Before You Fly Off – Volume One

It was James Baldwin’s “The Fire Next Time” that initially inspired me to write this book. He’d decided to write an essay welcoming his nephew to adolescence and preparing him for everyday life as a young Black male in America. My daughter had just turned 16 and I wanted to offer a similar gift welcoming her to young womanhood and preparing her for the everyday realities of Black girls and Black women in a country that is still trying to live up to her potential. 

What began as a father’s personal attempt to save his troubled teenage daughter from peer pressure and self-destructive habits turned out to be exactly what a guidance counselor needed for her student intervention incentives. “Before You Fly Off” quickly became a grassroots tool for both educators and parents seeking alternative approaches to youth development . What made ‘the little big book’, as one teen called it, so different and effective is the fact that it spoke directly to Black girls from a Black father’s perspective at the most crucial period in their lives with a language that is relatable and culturally-sound. 

Topics include self-image and developing confidence, peer pressure and parent stress, boyfriends and boy friends, teen pregnancy, survival tips for living in a war zone, social media, and the difference between being aggressive and being assertive. The point of this book is to introduce our young daughters to the value of reflecting on their choices and actions; to understand how their choices and actions dictate their lives.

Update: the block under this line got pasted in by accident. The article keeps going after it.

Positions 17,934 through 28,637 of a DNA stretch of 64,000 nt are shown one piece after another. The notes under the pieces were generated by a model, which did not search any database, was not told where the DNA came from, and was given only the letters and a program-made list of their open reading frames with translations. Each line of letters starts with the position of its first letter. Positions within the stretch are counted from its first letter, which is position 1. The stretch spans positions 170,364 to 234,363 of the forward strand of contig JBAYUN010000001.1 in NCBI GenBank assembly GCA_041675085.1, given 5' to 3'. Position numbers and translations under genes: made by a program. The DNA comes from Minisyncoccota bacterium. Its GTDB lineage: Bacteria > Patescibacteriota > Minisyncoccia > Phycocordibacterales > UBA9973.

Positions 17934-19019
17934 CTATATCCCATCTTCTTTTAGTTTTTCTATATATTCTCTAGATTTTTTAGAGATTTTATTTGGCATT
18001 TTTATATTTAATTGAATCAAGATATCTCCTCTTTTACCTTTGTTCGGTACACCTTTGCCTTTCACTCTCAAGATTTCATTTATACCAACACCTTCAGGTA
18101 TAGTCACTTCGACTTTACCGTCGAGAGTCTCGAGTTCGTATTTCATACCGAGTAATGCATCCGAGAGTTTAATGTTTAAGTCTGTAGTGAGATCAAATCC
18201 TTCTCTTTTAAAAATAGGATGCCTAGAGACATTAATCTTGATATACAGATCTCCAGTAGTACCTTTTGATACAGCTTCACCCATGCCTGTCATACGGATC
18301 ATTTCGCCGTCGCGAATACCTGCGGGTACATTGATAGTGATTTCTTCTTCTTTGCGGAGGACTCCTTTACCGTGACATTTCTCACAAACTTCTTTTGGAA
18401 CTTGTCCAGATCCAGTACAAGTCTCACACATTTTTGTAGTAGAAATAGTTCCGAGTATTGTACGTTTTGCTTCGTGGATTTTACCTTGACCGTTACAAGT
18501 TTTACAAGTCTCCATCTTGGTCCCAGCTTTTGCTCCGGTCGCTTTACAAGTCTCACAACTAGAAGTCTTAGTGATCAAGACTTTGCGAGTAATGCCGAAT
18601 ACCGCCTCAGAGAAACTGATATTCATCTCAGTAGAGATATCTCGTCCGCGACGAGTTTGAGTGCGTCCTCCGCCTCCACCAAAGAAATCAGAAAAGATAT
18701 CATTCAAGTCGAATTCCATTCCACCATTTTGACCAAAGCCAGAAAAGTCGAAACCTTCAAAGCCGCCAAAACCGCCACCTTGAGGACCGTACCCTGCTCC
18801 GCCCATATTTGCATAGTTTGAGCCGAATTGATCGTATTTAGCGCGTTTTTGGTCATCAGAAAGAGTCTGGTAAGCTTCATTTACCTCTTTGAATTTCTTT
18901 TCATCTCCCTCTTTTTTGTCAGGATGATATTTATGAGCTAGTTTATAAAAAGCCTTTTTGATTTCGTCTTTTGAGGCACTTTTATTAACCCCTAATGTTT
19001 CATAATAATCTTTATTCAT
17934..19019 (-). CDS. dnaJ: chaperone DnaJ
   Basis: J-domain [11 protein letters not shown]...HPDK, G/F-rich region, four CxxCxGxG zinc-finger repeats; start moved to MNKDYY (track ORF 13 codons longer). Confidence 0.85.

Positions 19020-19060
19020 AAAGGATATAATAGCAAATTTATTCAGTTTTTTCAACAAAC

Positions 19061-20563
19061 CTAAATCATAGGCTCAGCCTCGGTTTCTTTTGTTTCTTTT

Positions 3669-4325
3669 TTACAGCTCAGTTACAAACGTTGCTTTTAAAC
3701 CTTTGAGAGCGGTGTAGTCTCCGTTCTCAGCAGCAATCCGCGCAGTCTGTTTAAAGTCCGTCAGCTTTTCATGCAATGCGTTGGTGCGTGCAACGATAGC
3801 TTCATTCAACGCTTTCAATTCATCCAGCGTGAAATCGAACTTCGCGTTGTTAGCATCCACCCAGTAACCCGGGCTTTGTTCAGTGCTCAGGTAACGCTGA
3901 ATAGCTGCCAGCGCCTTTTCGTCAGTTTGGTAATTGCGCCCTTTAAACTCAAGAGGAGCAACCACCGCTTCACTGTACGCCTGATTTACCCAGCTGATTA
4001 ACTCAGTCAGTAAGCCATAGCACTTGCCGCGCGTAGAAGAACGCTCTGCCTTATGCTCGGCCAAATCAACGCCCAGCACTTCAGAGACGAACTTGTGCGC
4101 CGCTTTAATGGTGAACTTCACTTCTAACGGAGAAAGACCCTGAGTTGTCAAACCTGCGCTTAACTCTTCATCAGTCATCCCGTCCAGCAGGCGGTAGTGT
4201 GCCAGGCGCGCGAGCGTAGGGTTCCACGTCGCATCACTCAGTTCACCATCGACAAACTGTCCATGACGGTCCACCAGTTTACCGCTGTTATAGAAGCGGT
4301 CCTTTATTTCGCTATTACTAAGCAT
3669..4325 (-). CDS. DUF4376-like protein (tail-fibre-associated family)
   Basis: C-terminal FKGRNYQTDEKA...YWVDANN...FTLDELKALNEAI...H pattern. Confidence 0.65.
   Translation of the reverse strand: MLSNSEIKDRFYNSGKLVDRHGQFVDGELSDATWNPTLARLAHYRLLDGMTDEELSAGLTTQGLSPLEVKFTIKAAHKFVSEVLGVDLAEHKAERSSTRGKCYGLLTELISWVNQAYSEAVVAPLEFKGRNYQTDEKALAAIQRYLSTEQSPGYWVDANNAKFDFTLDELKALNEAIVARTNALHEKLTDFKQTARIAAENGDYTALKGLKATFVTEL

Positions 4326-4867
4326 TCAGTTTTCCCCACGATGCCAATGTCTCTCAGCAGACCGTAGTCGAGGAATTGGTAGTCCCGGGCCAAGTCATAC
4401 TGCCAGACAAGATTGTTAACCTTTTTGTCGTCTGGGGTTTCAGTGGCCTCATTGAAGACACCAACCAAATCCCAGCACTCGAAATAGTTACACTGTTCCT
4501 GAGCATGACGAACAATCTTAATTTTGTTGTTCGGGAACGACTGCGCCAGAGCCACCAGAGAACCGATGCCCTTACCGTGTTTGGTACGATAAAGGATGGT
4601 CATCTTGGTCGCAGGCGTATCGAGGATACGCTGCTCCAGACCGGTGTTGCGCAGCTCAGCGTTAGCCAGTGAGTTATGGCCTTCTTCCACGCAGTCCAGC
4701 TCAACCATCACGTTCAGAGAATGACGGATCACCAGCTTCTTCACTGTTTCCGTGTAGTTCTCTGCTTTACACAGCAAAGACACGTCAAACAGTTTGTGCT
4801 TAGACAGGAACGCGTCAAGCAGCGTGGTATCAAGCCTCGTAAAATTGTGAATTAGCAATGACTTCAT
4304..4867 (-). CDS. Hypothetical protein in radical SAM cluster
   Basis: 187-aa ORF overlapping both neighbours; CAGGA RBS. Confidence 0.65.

Before You Fly Off - Volume One:
Fatherly advice for teenage girls entering womanhood.

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This is a great book for teens and parents or guardians alike! Well-written and in a loving way, you can almost sense that the author truly connects with his young audience and understands them wholeheartedly. Unlike preachy books geared towards hard-to-reach populations, the author ‘keeps it real’ with his skillful use of language that young people can relate to.
— Ocean Morisset

“If I take the time to reflect, I realize that a frustrated caregiver is the parent of a frustrated teenager; that when I push my head of household hat on you to remind you who’s in charge, you simply push back your rebel cap to show me who’s really in charge! We could duke it out right there on the kitchen floor, but if I have to lay my hand on you to get your respect then we don’t have a relationship. Just two people living under the same roof and talking at each other, not paying attention to what’s not being said."